Horowitz, M. M. et al. Graft-versus-leukemia reactions after bone marrow transplantation. Blood 75, 555–562 (1990).
Fearon, D. T., Manders, P. & Wagner, S. D. Arrested differentiation, the self-renewing memory lymphocyte, and vaccination. Science 293, 248–250 (2001).
Gattinoni, L. et al. A human memory T cell subset with stem cell–like properties. Nat. Med. 17, 1290–1297 (2011).
Lanzavecchia, A. & Sallusto, F. Progressive differentiation and selection of the fittest in the immune response. Nat. Rev. Immunol. 2, 982–987 (2002).
Zhang, Y., Joe, G., Hexner, E., Zhu, J. & Emerson, S. G. Host-reactive CD8+ memory stem cells in graft-versus-host disease. Nat. Med. 11, 1299–1305 (2005).
Cieri, N. et al. Generation of human memory stem T cells after haploidentical T-replete hematopoietic stem cell transplantation. Blood 125, 2865–2874 (2015).
Roberto, A. et al. Role of naïve-derived T memory stem cells in T cell reconstitution following allogeneic transplantation. Blood 125, 2855–2865 (2015).
Oliveira, G. et al. Tracking genetically engineered lymphocytes long-term reveals the dynamics of T cell immunological memory. Sci. Transl. Med 7, 317ra198 (2015).
Biasco, L. et al. In vivo tracking of T cells in humans unveils decade-long survival and activity of genetically modified T memory stem cells. Sci. Transl. Med. 7, 273ra13 (2015).
Schreiber, R. D., Old, L. J. & Smyth, M. J. Cancer immunoediting: integrating immunity’s roles in cancer suppression and promotion. Sci. (80-.). 331, 1565–1570 (2011).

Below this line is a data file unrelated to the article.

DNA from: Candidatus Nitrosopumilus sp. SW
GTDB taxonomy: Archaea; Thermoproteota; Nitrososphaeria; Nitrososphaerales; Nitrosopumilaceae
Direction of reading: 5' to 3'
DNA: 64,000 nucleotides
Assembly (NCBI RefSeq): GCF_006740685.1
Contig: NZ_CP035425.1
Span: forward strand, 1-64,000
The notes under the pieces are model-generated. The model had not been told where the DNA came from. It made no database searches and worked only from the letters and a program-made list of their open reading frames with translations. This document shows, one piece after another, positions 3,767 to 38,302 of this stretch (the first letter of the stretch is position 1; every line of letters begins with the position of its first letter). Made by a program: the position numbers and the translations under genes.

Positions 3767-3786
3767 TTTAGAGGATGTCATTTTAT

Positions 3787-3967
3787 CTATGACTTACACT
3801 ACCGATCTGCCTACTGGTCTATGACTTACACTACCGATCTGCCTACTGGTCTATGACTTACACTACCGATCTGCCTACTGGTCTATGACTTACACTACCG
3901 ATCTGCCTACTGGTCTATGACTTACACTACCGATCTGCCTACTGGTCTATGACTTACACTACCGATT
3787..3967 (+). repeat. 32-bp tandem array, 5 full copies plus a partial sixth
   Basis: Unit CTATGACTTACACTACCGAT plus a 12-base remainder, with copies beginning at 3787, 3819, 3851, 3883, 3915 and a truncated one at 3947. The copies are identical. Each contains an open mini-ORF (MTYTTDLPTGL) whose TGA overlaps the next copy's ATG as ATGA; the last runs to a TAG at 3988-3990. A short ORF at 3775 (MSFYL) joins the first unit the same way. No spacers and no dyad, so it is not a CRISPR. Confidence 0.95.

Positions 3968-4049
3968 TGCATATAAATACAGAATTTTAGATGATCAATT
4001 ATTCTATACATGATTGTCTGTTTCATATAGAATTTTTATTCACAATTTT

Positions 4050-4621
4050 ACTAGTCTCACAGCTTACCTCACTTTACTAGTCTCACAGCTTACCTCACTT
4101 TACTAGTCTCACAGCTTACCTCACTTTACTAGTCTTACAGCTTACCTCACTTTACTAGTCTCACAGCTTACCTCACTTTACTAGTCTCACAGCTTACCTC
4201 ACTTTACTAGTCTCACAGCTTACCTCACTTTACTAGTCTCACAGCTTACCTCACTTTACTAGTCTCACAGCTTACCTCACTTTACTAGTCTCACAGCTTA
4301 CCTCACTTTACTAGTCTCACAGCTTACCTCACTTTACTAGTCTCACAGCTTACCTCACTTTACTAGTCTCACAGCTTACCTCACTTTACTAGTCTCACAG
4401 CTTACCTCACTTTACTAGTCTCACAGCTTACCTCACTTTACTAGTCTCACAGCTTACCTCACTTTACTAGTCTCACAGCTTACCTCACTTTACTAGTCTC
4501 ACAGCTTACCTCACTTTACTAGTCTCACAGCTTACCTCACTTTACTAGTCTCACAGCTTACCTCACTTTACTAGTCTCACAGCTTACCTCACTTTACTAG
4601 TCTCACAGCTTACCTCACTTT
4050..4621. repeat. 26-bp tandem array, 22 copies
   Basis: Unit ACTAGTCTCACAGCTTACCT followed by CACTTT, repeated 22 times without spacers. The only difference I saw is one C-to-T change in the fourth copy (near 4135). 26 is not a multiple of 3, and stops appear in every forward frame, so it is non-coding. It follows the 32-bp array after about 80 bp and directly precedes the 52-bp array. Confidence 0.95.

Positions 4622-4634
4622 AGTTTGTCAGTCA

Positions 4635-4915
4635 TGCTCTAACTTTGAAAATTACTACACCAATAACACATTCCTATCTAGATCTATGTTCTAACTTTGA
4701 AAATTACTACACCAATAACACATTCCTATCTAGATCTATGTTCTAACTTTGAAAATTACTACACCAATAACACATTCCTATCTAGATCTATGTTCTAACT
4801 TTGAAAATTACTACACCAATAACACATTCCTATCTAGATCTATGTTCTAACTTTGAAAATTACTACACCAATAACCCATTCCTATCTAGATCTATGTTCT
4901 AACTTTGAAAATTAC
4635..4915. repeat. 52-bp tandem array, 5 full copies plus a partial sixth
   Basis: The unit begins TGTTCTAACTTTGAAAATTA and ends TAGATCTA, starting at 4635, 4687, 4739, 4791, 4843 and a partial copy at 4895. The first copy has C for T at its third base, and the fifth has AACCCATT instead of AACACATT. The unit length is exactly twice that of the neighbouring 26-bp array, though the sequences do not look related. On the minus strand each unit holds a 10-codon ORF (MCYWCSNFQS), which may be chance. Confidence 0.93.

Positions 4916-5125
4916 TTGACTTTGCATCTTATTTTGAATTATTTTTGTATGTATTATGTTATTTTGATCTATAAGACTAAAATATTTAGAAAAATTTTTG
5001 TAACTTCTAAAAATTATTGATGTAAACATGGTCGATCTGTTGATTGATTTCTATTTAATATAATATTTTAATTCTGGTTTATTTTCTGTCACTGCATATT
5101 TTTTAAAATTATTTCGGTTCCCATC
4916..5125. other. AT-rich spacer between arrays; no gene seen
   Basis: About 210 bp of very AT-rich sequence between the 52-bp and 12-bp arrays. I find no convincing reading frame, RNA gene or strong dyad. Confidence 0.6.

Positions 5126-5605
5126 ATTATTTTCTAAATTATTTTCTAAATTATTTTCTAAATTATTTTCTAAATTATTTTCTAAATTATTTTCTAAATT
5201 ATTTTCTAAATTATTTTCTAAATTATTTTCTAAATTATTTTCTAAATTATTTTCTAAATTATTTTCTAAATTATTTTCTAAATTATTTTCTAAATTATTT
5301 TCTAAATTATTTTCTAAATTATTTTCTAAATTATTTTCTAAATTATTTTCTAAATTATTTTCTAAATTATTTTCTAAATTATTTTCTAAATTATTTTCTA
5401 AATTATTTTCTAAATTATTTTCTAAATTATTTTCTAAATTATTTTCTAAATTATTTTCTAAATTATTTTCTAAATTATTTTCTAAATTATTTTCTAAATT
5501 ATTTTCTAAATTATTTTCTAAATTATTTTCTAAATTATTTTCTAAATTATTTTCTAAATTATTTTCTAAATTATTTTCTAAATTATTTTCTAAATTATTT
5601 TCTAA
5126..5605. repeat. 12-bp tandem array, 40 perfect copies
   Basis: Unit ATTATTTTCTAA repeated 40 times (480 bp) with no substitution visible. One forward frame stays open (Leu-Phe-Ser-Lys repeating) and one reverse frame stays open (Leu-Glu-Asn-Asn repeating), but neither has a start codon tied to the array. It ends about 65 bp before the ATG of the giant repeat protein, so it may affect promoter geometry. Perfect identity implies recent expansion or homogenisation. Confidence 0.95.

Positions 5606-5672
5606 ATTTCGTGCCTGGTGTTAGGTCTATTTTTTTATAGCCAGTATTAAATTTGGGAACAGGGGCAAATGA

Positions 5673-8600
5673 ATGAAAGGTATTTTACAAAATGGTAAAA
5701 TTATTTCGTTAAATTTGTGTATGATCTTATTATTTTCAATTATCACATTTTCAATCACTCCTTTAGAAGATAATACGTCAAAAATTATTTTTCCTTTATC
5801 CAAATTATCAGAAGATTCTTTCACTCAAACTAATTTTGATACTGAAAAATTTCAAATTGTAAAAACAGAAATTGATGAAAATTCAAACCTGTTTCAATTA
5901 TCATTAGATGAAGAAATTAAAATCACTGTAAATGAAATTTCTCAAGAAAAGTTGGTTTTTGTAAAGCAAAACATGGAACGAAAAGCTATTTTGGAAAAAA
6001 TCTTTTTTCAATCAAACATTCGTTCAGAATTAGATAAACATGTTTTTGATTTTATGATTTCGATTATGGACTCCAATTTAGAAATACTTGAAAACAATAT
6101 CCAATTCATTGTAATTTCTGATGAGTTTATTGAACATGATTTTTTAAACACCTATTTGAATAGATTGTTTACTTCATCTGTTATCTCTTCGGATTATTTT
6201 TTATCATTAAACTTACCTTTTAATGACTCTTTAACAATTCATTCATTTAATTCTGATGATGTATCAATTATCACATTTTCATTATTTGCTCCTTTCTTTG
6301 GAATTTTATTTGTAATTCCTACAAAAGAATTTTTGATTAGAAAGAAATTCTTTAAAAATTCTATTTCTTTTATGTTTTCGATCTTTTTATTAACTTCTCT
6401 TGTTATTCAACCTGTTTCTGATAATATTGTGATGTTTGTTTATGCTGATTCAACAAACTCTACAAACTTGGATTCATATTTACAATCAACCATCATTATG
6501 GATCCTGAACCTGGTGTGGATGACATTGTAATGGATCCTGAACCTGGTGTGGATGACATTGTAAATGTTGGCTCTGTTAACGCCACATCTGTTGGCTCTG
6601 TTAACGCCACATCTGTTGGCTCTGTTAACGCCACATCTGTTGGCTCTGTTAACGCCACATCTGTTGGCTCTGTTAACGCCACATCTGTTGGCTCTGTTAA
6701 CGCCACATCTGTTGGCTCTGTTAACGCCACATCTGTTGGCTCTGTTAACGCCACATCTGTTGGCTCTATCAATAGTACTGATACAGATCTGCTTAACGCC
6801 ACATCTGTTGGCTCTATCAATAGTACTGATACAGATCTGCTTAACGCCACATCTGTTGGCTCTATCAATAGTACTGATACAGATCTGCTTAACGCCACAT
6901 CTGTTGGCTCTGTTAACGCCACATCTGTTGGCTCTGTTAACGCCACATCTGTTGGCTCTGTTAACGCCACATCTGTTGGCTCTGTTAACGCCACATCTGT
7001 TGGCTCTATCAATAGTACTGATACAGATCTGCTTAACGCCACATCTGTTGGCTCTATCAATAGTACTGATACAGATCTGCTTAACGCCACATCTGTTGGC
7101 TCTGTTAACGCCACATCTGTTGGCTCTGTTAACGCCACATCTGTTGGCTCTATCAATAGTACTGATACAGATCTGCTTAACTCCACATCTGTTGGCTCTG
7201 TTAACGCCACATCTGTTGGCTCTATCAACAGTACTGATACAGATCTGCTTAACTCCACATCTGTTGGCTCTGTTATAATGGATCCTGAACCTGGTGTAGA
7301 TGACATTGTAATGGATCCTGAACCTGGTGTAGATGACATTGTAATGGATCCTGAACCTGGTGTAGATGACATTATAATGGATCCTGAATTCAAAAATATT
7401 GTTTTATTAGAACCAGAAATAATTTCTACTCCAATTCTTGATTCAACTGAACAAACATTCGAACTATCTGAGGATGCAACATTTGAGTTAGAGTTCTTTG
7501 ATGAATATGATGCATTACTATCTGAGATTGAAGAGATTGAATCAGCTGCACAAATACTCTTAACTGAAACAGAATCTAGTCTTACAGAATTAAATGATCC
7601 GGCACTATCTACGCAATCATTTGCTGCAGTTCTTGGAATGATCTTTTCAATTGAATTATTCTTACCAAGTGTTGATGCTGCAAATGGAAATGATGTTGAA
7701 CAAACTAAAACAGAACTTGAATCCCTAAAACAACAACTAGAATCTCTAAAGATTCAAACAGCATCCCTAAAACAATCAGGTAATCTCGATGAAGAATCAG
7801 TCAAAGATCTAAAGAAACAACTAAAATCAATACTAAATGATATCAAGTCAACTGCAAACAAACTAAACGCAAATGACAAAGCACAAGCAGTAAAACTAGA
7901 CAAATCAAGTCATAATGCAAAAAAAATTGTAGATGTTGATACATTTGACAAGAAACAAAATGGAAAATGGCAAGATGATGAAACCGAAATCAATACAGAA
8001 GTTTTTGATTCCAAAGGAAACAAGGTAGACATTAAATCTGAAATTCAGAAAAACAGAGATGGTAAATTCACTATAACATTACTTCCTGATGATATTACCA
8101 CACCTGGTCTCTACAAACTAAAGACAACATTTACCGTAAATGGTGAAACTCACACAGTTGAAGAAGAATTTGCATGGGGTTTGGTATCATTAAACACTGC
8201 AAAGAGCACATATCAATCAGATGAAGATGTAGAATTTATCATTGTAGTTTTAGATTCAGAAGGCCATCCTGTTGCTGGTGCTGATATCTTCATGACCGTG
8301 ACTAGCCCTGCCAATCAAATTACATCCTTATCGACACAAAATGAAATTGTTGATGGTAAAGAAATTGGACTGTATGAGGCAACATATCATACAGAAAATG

Vago, L. et al. Loss of mismatched HLA in leukemia after stem-cell transplantation. N. Engl. J. Med. 361, 478–488 (2009).
Toffalori, C. et al. Genomic loss of patient-specific HLA in acute myeloid leukemia relapse after well-matched unrelated donor HSCT. Blood 119, 4813–4815 (2012).
Crucitti, L. et al. Incidence, risk factors and clinical outcome of leukemia relapses with loss of the mismatched HLA after partially incompatible hematopoietic stem cell transplantation. Leukemia 29, 1143–1152 (2015).
Zhou, Q. et al. Program death-1 (PD-1) signaling and regulatory T cells (Tregs) collaborate to resist the function of adoptively transferred cytotoxic T lymphocytes (CTLs) in advanced acute myeloid leukemia (AML). Blood 116, 2484–2493 (2010).
Wherry, E. J. & Kurachi, M. Molecular and cellular insights into T cell exhaustion. Nat. Rev. Immunol. 15, 486–499 (2015).
Callahan, M. K., Postow, M. A. & Wolchok, J. D. Targeting T cell co-receptors for cancer therapy. Immunity 44, 1069–1078 (2016).
Davids, M. S. et al. Ipilimumab for patients with relapse after allogeneic transplantation. N. Engl. J. Med. 375, 143–153 (2016).
Tian, T. et al. The profile of T helper subsets in bone marrow microenvironment is distinct for different stages of acute myeloid leukemia patients and chemotherapy partly ameliorates these variations. PLoS One 10, e0131761 (2015).
Miyara, M. et al. Functional delineation and differentiation dynamics of human CD4+ T cells expressing the FoxP3 transcription factor. Immunity 30, 899–911 (2009).